Logic of belief and the content of God: Hans Frei’s theological grammar
Henderson, Frances Munro
MetadataShow full item record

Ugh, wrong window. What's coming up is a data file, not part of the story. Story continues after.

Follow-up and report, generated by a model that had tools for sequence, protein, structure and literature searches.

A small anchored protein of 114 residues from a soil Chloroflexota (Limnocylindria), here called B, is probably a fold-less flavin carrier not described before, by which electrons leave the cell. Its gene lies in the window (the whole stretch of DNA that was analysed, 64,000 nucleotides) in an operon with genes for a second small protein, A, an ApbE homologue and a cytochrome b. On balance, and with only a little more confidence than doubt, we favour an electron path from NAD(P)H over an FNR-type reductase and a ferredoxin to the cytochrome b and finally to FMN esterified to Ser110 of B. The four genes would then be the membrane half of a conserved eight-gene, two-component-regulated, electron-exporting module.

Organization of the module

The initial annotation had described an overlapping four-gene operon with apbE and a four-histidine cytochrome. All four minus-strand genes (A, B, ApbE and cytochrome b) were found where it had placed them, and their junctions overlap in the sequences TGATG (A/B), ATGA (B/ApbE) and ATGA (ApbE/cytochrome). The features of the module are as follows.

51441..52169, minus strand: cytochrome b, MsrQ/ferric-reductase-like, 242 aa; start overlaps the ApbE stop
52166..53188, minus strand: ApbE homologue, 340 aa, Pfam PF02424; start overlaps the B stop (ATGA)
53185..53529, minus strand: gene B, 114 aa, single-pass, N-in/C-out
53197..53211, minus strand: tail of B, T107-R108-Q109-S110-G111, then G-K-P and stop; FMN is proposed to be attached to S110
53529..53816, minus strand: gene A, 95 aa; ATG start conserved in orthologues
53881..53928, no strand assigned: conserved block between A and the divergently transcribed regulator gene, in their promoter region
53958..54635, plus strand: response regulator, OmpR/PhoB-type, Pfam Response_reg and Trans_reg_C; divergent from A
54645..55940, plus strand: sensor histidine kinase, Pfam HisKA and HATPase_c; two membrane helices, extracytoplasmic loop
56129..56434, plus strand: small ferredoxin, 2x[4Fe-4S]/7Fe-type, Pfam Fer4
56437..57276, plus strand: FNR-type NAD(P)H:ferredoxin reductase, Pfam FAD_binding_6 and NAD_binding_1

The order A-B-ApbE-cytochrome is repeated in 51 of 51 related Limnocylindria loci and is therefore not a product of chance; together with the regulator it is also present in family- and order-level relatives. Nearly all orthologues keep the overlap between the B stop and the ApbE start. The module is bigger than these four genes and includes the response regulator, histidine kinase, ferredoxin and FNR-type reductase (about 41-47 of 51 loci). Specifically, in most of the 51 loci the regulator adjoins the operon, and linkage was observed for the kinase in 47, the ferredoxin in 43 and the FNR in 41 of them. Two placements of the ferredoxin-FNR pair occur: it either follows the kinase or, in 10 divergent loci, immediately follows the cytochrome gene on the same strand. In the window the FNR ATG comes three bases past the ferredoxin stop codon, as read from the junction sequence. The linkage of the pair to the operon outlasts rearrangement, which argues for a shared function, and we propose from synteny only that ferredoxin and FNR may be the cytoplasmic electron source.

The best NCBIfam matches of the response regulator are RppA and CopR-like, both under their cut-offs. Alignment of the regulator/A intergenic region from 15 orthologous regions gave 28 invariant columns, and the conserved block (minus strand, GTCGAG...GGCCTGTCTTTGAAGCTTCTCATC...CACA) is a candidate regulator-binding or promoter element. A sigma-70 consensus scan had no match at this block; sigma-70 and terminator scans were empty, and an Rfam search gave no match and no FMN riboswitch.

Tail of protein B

This thesis offers a systematic engagement with the theological hermeneutics of Hans Frei. The two key conceptual categories are “the logic of belief” and “the content of God”. The former refers to the grammatical ordering of theological statements: Frei is concerned to distinguish grammatical logic from ontology, and to establish the actual starting point for any given theological enterprise. Frei’s own preference for a “linear” and “cumulative” method built upon the starting point of a realistic narrative reading of the gospels is unpacked and explored. The second category, “the content of God”, refers to Frei’s search for an account in which God has actual reality, as opposed to a mere metaphysical abstraction. Indeed, for Frei, the arrival – or failure to arrive – at a ‘concrete’ account of God is the test of any theological starting point, as evidenced in the ability or otherwise to do exegetical justice to the narrative shape of the crucifixion-resurrection sequence. The thesis demonstrates that for Frei, the starting point in the logic of belief must be the identity of Jesus Christ as revealed in scripture, and only on that basis can a concrete content of God be posited. In so doing, the intention is to set Frei very firmly within his mid-twentieth century context, in particular his engagement with and ultimate rejection of existentialist and Neo-orthodox theology. Accordingly, the thesis traces the development in Frei’s thinking of these two conceptual categories, from his doctoral thesis on Barth’s early theology up to and including his twin publications, The Eclipse of Biblical Narrative (1974) and The Identity of Jesus Christ (1975). Later works by Frei are also considered in relation to these. The thesis does not stop at the mid-twentieth century, but illustrates the continued relevance of Frei’s hermeneutical theology into this century, putting him in conversation with a number of systematic and biblical theologians. Suggestions are made as to his applicability to modern theological concerns, including the debate surrounding the being and action of God: a field where he has yet to be deployed successfully.